Articles | Volume 14, issue 24
Atmos. Chem. Phys., 14, 13361–13376, 2014
Atmos. Chem. Phys., 14, 13361–13376, 2014

Research article 16 Dec 2014

Research article | 16 Dec 2014

On the origin of the occasional spring nitrate peak in Greenland snow

L. Geng1,*, J. Cole-Dai1, B. Alexander2, J. Erbland3,4, J. Savarino3,4, A. J. Schauer5, E. J. Steig5, P. Lin2,**, Q. Fu2, and M. C. Zatko2 L. Geng et al.
  • 1Department of Chemistry & Biochemistry, South Dakota State University, Brookings, SD, USA
  • 2Department of Atmospheric Sciences, University of Washington, Seattle, WA, USA
  • 3CNRS, LGGE (UMR5183), 38041 Grenoble, France
  • 4Université Grenoble Alpes, LGGE (UMR5183), 38041 Grenoble, France
  • 5Department of Earth and Space Sciences, University of Washington, Seattle, WA, USA
  • *now at: Department of Atmospheric Sciences, University of Washington, Seattle, WA, USA
  • **now at: Program in Atmospheric and Oceanic Sciences/GFDL, Princeton University, Princeton, NJ, USA

Abstract. Ice core nitrate concentrations peak in the summer in both Greenland and Antarctica. Two nitrate concentration peaks in one annual layer have been observed some years in ice cores in Greenland from samples dating post-1900, with the additional nitrate peak occurring in the spring. The origin of the spring nitrate peak was hypothesized to be pollution transport from the mid-latitudes in the industrial era. We performed a case study on the origin of a spring nitrate peak in 2005 measured from a snowpit at Summit, Greenland, covering 3 years of snow accumulation. The effect of long-range transport of nitrate on this spring peak was excluded by using sulfate as a pollution tracer. The isotopic composition of nitrate (δ15N, δ18O and Δ17O) combined with photochemical calculations suggest that the occurrence of this spring peak is linked to a significantly weakened stratospheric ozone (O3) layer. The weakened O3 layer resulted in elevated UVB (ultraviolet-B) radiation on the snow surface, where the production of OH and NOx from the photolysis of their precursors was enhanced. Elevated NOx and OH concentrations resulted in enhanced nitrate production mainly through the NO2 + OH formation pathway, as indicated by decreases in δ18O and Δ17O of nitrate associated with the spring peak. We further examined the nitrate concentration record from a shallow ice core covering the period from 1772 to 2006 and found 19 years with double nitrate peaks after the 1950s. Out of these 19 years, 14 of the secondary nitrate peaks were accompanied by sulfate peaks, suggesting long-range transport of nitrate as their source. In the other 5 years, low springtime O3 column density was observed, suggesting enhanced local production of nitrate as their source. The results suggest that, in addition to direct transport of nitrate from polluted regions, enhanced local photochemistry can also lead to a spring nitrate peak. The enhanced local photochemistry is probably associated with the interannual variability of O3 column density in the Arctic, which leads to elevated surface UV radiation in some years. In this scenario, enhanced photochemistry caused increased local nitrate production under the condition of elevated local NOx abundance in the industrial era.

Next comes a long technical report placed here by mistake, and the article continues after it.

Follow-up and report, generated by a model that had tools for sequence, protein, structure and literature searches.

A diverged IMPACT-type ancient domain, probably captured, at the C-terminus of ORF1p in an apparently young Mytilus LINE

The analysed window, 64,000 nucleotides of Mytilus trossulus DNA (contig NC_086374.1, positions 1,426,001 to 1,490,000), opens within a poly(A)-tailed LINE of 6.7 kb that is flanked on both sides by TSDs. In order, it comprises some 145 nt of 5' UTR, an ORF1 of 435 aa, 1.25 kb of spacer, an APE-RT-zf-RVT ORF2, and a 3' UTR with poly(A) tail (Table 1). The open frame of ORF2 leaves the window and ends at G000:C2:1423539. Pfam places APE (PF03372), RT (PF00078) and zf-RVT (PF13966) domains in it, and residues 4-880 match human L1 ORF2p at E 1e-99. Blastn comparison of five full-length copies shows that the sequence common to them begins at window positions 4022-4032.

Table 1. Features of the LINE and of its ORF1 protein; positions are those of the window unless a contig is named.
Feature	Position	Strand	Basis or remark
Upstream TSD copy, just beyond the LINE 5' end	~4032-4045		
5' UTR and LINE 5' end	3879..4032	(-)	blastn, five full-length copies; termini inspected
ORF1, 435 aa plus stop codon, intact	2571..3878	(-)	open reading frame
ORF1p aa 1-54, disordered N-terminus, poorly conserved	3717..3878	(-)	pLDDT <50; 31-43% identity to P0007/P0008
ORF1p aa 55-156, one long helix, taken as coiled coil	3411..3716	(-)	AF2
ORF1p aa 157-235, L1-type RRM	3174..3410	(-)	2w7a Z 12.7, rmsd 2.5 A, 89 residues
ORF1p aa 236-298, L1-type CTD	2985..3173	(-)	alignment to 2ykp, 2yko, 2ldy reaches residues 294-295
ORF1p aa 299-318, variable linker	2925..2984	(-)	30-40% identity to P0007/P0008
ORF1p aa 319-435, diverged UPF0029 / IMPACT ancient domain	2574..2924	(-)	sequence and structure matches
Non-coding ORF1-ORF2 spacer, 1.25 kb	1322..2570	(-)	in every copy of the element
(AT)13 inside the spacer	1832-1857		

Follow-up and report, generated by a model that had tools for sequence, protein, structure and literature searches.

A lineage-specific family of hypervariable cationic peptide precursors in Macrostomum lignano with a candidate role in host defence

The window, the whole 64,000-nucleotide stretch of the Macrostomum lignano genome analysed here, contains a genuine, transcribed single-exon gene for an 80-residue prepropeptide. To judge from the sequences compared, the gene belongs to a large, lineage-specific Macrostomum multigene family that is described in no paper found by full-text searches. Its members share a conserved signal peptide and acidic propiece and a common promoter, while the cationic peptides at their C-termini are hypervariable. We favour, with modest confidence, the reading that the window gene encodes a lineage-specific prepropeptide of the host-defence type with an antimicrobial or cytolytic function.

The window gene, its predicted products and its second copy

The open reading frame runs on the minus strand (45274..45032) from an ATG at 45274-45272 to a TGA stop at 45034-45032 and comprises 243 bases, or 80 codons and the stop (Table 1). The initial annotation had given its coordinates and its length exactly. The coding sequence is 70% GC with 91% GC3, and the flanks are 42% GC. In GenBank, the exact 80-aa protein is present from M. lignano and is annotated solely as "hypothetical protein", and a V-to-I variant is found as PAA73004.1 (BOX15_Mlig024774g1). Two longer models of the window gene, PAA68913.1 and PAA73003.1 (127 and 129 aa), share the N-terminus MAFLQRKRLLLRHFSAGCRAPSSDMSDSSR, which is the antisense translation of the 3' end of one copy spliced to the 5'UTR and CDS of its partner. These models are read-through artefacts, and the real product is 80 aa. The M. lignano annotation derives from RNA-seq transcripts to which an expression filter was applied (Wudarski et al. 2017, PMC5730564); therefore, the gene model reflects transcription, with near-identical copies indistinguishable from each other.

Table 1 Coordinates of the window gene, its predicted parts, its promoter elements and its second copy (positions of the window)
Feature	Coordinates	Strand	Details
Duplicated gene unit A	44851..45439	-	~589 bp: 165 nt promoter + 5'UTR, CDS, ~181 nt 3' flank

Short summary
Examinations on snowpit and firn core results from Summit, Greenland suggest that there are two mechanisms leading to the observed double nitrate peaks in some years in the industrial era: 1) long-rang transport of nitrate and 2) enhanced local photochemical production of nitrate. Both of these mechanisms are related to pollution transport, as the additional nitrate from either direct transport or enhanced local photochemistry requires enhanced nitrogen sources from anthropogenic emissions.
Final-revised paper